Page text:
Washing tips to save you time, water and money

From tricks with vinegar to reusing greywater, these simple tips will make washing and cleaning a breeze.

Washing tips to save you time, water and money

We spend a large portion of our lives washing clothes and cleaning dishes, so why not make these tasks as easy and water efficient as possible while saving a little cash along the way?

These tips will help you get the most out of your washing machine and dishwasher – and help make sure these big-ticket items last as long as they should. We've also got handy tips for washing up in the sink, including which bargain liquid you need to add to your supermarket shopping list.

Tips for using your dishwasher

Be wary of 'magic' tricks
Before we get into our expert tips, here's a warning about tips you might read about online that aren't quite so expert.

Recently, there was a social media storm around using dishwashing tablets to clean your washing machine, with many people claiming it gave them miracle results.

Our white goods expert Ashley Iredale did some myth-busting. “This may work initially,” he said. “But I wouldn't recommend it. Washing machines aren't designed to deal with highly caustic dishwasher detergents, so doing this may damage seals and hoses over time, which could also void your consumer guarantee or warranty as the manufacturer may say you didn't follow proper instructions.”

Don't wash your dishes by hand
Our CHOICE experts all agree, using a modern dishwasher on a full load is more water- and energy-efficient than washing your dishes by hand. So, it's a win-win on saving you time and money!

“Okay, so it's not exactly a hack,” says Ashley. “But using a typical modern dishwasher uses about six times less water than handwashing a typical pile of dirty dishes, and getting the water in your sink hot enough to do the dishes takes nearly twice as much energy as you'd use running your dishwasher.”

Clean your dishwasher with vinegar
Your dishwasher should last around 11 years, according to the experts, and a little TLC can help insure it lasts as long as it should. Use vinegar to remove soap build-up and odours.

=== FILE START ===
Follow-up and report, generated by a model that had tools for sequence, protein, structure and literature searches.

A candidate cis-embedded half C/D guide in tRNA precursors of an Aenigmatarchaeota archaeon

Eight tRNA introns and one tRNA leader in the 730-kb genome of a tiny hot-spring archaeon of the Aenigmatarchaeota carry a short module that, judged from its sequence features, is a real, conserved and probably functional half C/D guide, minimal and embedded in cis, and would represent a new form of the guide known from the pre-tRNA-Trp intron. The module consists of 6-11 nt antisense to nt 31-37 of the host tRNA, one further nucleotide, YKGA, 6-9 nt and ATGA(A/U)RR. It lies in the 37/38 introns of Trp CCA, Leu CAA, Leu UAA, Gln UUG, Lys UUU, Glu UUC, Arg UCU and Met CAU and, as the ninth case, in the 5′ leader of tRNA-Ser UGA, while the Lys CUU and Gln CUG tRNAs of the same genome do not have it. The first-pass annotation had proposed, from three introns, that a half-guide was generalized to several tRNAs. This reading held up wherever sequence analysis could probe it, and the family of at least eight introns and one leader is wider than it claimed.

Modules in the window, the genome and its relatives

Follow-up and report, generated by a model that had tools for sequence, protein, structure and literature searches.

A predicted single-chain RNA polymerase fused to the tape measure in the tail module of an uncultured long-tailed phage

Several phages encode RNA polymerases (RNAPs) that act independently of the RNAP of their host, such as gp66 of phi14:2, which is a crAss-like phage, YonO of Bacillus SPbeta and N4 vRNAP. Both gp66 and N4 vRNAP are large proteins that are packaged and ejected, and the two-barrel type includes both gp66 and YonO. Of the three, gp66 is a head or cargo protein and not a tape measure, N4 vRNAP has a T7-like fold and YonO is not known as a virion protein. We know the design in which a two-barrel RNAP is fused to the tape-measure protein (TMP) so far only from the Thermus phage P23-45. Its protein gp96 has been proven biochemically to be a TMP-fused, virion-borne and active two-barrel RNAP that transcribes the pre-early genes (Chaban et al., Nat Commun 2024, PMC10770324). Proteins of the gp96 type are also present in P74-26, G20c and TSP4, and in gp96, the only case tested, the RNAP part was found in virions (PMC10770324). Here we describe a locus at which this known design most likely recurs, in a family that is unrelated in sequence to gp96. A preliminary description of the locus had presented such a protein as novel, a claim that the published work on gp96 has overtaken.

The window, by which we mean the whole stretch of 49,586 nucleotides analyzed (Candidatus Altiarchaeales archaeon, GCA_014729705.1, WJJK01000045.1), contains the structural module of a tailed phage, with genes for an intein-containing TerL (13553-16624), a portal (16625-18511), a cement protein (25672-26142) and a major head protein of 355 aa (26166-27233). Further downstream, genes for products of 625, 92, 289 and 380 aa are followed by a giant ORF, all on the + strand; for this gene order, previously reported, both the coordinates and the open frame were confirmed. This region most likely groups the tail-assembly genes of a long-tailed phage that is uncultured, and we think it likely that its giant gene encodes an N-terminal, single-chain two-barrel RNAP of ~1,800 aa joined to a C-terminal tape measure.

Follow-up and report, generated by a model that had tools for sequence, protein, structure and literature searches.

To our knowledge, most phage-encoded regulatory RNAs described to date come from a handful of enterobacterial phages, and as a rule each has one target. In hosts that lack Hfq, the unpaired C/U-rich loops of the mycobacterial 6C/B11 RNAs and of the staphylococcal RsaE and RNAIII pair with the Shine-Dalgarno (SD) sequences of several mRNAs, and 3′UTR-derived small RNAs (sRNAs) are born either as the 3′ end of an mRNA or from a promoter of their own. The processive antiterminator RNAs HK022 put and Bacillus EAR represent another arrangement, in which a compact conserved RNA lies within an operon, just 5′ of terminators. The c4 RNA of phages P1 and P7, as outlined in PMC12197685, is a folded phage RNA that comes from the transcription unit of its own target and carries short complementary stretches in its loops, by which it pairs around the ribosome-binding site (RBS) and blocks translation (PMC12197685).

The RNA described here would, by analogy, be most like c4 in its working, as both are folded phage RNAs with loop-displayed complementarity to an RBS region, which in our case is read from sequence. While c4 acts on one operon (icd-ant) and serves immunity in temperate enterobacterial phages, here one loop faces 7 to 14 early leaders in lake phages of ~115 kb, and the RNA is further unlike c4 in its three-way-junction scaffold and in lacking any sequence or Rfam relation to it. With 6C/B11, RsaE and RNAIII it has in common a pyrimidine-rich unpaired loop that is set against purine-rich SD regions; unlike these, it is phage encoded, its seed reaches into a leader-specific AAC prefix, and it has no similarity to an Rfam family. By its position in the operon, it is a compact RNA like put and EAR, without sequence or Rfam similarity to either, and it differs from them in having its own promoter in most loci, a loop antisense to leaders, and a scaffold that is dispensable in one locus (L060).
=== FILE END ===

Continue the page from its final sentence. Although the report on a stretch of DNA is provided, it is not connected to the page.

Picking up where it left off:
Pour around 1 cup (250ml) of vinegar into the bottom of the unit or into a bowl on the top or bottom rack, then run the machine through a full cycle with no dishes or detergents.

Note: Check your manual first, as some manufacturers advise that you not use vinegar to clean certain models.

Save time and water: don't rinse!
But do scrape. Our expert testing has found that rinsing dishes before you put them in the dishwasher doesn't make any difference to how clean they'll come out at the end.

Do scrape off any large bits of food residue though, otherwise they'll accumulate in your dishwasher.

Turn up the heat
Run out of dishwasher tablets or detergent and got a pile of dirty dishes you really don't want to do by hand? We've found that many recipes for DIY dishwasher liquid or natural alternatives don't work very well.

What might work if you're desperate, is turning the temperature up and doing a cycle with plain water – our extensive tests show this will still clean lightly soiled dishes (and perhaps leave you with a little less to wash up later).

Tips for washing by hand

Buy a cheap washing liquid that works
Sick of wasting money on expensive dishwashing liquid? Our experts have done the hard work for you and put 41 supermarket dishwashing liquids to the test to find out which is best.

And their tip? Go to Aldi and buy their Tandil Ultra Power Soak N' Clean dishwashing liquid. It came second in our test, with a score of 72 per cent, but costs just 0.35c/100ml, which is less than a third of the price of our top scorer from Morning Fresh (Morning Fresh Ultra Concentrate Ultimate Dishwashing Liquid) which costs $1.23/100ml and scored 81 per cent.

Explore new ways to use it
Once you've got your cheap and effective dishwashing liquid, explore all the other things you can clean with it.

It's great for cleaning windows (just mix with warm water and a drop or two of rinse aid) and for removing light stains from clothes (if you've spilt some spag bol on your shirt, just rub with a bit of dishwashing liquid and water).

You can also use it to wash make-up brushes and hairbrushes, and it works wonders to clean and shine jewellery: mix with a little soda, then soak and scrub with a toothbrush.

Washing machine tips

Convert a wheelie bin to reuse your greywater
Try this affordable way to reuse greywater from cleaning your clothes to save water. Rig up a hose from your washing machine and feed it outside to collect in a tank, or, as our clever CHOICE staff member Alice did, in a wheelie bin. Then you can use the water on your garden and save hundreds of litres in the process.

“We wanted to put a small water tank outside to capture and store greywater from the washing machine, but our local hardware store had sold out of all the water-saving products,” says Alice. “Instead, we settled on a 100L wheelie bin – it holds the same amount of water but it's about half the price.”